Late 1780s diagram of Galvani's experiment on frog legs.29d frog {Parts of it may be revealed in biology class}. I had to check with Magdalen about the frogs. Yes, she says she dissected frogs, possibly more than one, around the same age that I had to dissect a white rat. I wonder which is grosser? Apparently the great thing about frogs is that you can cause their legs to twitch with the application of electricity, an experiment originally performed by Luigi Galvani (1737–1798).
butyl48d butyl {Tear-resistant synthetic rubber}. I didn't know this meaning of butyl, which wasn't covered in chemistry classes. Butyl rubber is used to make (amongst other things) inner tubes, basketballs, gas masks, and sealants for roof repairs.
Todd Lodwick54d USOC {Org. with a SportsMan of the Year award}. Ignoring case, it seems there is more than one such award, a more famous one being presented by Sports Illustrated magazine. However, that capital M tells you to look elsewhere to the US Olympic Committee: the USOC's SportsMan of the Year for 2009 is the American nordic combined skier Todd Lodwick.


spoiled by nana19a poach {Appropriate game}; 3d nanas {Spoilers, often}. There's some neat misleading cluing in this puzzle. These are two of my favorites, the first being a good example of a misleading part of speech ("Appropriate" is an imperative verb disguised as an adjective), the second relying on "Spoilers" being much more recognizable in the context of puzzle answers being given away. Great stuff!
Happy Ho Ho59a Ho Hos {Tubular snacks}. Ok, I remembered Ho Hos from a previous encounter, but they're still not as recognizable to me as the ubiquitous Oreos. As far as I can tell, Ho Ho is American for Swiss roll (well, the chocolate variety at least). They are made by the Hostess company.
Los Altos9d Los Altos {City near San Jose}. This was one of the gatekeepers to the NW corner, and I suspected I was going to be in trouble, but in fact knew Los Altos of old for its high-tech connections. It's home to Steve Jobs, John Warnock, Jerry Yang and Scott McNealy inter alia. I thought the city was also headquarters to one of their companies, but I've not been able to confirm that.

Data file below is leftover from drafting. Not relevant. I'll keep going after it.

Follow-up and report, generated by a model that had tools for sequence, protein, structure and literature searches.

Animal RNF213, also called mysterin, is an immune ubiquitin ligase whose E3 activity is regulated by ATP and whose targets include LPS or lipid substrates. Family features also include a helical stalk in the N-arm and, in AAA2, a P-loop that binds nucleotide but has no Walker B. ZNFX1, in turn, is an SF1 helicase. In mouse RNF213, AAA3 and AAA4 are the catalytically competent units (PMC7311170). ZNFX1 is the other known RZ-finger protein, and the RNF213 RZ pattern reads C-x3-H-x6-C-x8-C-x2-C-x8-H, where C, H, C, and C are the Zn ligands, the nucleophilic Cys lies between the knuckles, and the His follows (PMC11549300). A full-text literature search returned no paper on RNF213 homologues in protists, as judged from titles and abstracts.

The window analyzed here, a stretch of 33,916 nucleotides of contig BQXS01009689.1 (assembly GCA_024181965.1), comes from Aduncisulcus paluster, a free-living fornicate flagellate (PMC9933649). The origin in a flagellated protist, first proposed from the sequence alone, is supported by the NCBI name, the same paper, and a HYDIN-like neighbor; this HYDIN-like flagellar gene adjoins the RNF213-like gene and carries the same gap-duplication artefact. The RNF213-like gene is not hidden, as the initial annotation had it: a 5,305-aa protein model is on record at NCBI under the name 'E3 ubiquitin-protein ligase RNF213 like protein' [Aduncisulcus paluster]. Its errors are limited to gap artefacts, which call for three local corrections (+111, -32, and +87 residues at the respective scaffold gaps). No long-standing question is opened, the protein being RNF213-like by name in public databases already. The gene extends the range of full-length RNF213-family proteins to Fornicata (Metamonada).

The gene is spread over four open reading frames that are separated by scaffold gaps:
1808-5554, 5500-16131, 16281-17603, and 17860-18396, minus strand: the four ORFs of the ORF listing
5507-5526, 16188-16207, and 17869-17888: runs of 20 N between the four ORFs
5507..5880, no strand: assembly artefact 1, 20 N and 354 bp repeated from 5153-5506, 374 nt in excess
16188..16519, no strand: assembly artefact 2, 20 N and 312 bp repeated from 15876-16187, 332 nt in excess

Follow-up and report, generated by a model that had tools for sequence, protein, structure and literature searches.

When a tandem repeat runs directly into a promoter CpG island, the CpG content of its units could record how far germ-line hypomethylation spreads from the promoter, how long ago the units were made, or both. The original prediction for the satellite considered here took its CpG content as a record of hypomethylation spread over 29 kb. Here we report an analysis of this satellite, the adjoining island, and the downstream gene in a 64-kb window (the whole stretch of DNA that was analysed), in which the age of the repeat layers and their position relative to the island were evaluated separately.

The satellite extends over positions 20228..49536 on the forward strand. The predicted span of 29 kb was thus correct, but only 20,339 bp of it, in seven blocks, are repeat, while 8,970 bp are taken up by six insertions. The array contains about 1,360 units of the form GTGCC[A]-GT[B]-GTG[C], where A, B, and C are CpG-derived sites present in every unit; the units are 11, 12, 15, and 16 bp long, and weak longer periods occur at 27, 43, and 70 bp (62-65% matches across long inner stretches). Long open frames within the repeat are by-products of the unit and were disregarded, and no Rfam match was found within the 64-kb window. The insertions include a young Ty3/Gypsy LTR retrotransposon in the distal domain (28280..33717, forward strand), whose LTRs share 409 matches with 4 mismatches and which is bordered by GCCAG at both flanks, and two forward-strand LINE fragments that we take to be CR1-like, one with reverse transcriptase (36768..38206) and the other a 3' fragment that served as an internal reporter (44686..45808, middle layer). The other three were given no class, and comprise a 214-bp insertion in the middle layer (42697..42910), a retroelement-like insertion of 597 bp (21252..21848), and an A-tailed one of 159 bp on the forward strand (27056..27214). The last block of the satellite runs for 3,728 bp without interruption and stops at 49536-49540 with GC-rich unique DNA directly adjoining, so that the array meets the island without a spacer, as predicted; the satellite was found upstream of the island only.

31d Nietzsche {"Übermensch" originator}. Isn't Nietzsche the worst surname to spell? Ever? Herr N introduced the concept of the value-creating Übermensch in the 1883-5 novel Thus Spoke Zarathustra ... cue the Richard Strauss.

The Rest

1a Zinfandel {Red choice}; 10a adopt {Decide to use}; 16a sepoy {Old Indian infantryman}; 17a pine-trees {Resin sources}; 18a twerp {Weenie}; 20a smash into {Ram}; 23a key limes {Dessert fruit}; 24a El Al {It's grounded on the Sabbath}; 26a trash TV {Many reality shows}; 29a fandom {Star followers}; 32a hon {Precious}; 33a tore {Streaked}; 34a RBI {Nat stat}; 35a lives on {Endures}; 38a pin {Spare part?}; 39a oleo {Pat makeup}; 42a Samson {Hero described as "Eyeless in Gaza"}; 44a get real! {"Are you nuts?!"}; 46a nine {Right fielder, on a scorecard}; 47a Zanzibar {It merged with Tanganyika in 1964}; 49a gulp {Get down quickly}; 53a rustled up {Managed to obtain}; 55a ratio {One thing on top of another?}; 56a ASCII {It has 95 printable characters}; 57a at one time {Not currently}; 60a Tylenol PM {What might come as a relief at night?}; 61a scent {Tracking aid}.

1d zippo {Diddly}; 2d idiom {Hit the ceiling, say}; 4d flecked {Like a strawberry roan's coat}; 5d auth. {Bibliography abbr.}; 6d NPR {"Science Friday" carrier}; 7d diesel {Motor ship driver}; 8d enemy {Hostile}; 10d asthma {Breathtaking condition?}; 11d dewiest {Most childishly pure}; 12d open shops {Results of some labor laws}; 13d port {Computer connection}; 14d typo {Four for for, for one}; 21d sir, no sir {Loud drill bit?}; 23d kamikaze {Vodka cocktail}; 25d LOL {Electronic gag reflex?}; 28d Venn {A diagram bears his name};  30d able {Fit}; 32d hey! {"Watch it!"}; 36d validate {Confirm}; 37d nan {Chicken tikka go-with}; 40d oration {Keynote, e.g.}; 43d megaton {4.184 petajoules}; 45d enlist {Win the support of}; 46d Napoli {Campania's capital, in Campania}; 50d utile {Worth keeping}; 51d limps {Has a hitch}; 52d poems {Metric system output?}; 53d rahs {Words of support}; 55d rent {Digs cash?}; 58d neo- {Conservative front?}.


Anonymous said...

Sorry I mistakenly posted this in the previous blog entry. But I am still fascinated to hear if today's crossword is your first exposure to the obscure Jimi Hendrix.

Crossword Man said...

:-) No, not the first I'd heard of Hendrix himself ... but the name of the band was new to me, so I was thinking the JHE was either a tribute band or a theme park ride, etc. Scuse me while I go and hide ...

Doug P. said...

Thanks for the fun write-up. Many solvers liked "Appropriate game," and I must admit that was one of Will Shortz's clues. He never fails to make my puzzles more clever!

As for NIETZSCHE, no way I could spell that one without peeking. :)

Crossword Man said...

Hi Doug, thanks for dropping by. We're your number one fans here! It's good to make the editor feel useful from time to time :-)